They may be mere studies for the “Use of Young Composers”, but there is endless invention and delight to be found in Czech-born French composer Antoine Reicha’s 34 Études dans le Genre Fugué. Serbian-American pianist Ivan Ilić’s first volume devoted to Reicha’s solo piano works featured fantasies and a capriccio from 1803’s Practische Beispiele and the Grande Sonate and Sonata on a Theme of Mozart (both c.1805). This second volume comprises searching, sensitively-crafted performances of the first 13 preludes and fugues from Reicha’s Op. 97, published in 1817, as well as an early fugue from his 1807 Op. 36 set. Again, Ilic´ performs from modern editions published by Symétrie and edited by musicologist Michael Bulley.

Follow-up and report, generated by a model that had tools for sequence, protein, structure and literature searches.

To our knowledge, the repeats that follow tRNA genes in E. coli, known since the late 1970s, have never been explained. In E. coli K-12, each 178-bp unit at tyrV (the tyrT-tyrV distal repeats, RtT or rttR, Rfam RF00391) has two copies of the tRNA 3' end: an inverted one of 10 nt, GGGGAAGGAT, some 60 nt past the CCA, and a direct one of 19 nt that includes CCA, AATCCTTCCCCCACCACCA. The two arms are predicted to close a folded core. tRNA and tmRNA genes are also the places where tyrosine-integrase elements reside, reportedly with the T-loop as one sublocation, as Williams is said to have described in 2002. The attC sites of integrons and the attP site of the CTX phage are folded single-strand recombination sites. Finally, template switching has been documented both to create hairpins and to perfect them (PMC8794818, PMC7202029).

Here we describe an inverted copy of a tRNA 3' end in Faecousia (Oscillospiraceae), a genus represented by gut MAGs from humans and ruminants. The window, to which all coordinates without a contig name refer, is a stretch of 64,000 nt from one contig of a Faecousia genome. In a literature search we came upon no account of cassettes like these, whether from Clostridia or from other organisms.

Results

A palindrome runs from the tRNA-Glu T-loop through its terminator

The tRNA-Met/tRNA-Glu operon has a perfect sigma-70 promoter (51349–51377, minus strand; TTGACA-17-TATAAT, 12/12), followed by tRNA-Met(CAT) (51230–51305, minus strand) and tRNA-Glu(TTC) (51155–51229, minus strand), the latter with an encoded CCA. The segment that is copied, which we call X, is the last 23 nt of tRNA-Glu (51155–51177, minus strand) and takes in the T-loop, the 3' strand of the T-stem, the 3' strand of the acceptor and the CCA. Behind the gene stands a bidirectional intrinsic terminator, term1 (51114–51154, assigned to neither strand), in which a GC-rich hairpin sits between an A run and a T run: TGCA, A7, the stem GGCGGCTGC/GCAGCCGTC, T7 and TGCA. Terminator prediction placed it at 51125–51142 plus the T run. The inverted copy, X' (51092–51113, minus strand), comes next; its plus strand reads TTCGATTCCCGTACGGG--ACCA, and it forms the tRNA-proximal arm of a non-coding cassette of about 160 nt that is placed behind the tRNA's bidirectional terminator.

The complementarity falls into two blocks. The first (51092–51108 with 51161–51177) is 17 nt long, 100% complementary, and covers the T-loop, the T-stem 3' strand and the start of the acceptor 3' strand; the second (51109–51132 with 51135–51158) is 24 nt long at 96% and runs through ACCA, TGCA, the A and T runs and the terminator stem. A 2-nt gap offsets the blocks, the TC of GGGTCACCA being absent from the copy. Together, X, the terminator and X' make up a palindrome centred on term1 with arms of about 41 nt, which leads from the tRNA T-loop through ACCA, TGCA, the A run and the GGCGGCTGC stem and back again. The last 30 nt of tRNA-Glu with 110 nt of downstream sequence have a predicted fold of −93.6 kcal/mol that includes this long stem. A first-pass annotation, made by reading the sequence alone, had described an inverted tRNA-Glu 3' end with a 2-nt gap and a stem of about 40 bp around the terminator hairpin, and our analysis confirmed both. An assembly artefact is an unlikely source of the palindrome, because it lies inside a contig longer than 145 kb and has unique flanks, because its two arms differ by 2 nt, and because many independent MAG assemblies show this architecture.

A childhood friend of Beethoven, Reicha was no ordinary teacher, devoted to tradition but always open to innovation. His counterpoint students included Liszt, Berlioz, Gounod and Franck. As Ilić writes: “One might guess that a composer who spent so much time teaching the rules of a strict, complex musical style would write dry, lifeless music. The reality is that his music is full of wit and charm.”
Indeed it is. Many of the preludes, such as the nocturne-like Introduction or the wistful Air in G Major, are gentle and sweetly nostalgic; an E Major Lento even recalls Handel’s “Harmonious Blacksmith” air. Others, such as the A Major Allegretto or the A Minor Poco Allegretto are swifter, spinning dances from a single idea.
The fugues, whose themes are as varied and inventive as their treatment, are by turns ebullient and introspective. The first, which follows on from the E Minor Introduction, rushes inexorably towards its final chord with quasi-mechanistic fervour; later, Reicha leavens the lugubriousness of the A Minor prelude’s companion fugue with fluttering trills and turns. Bach is the presiding spirit. But the genius is all Reicha.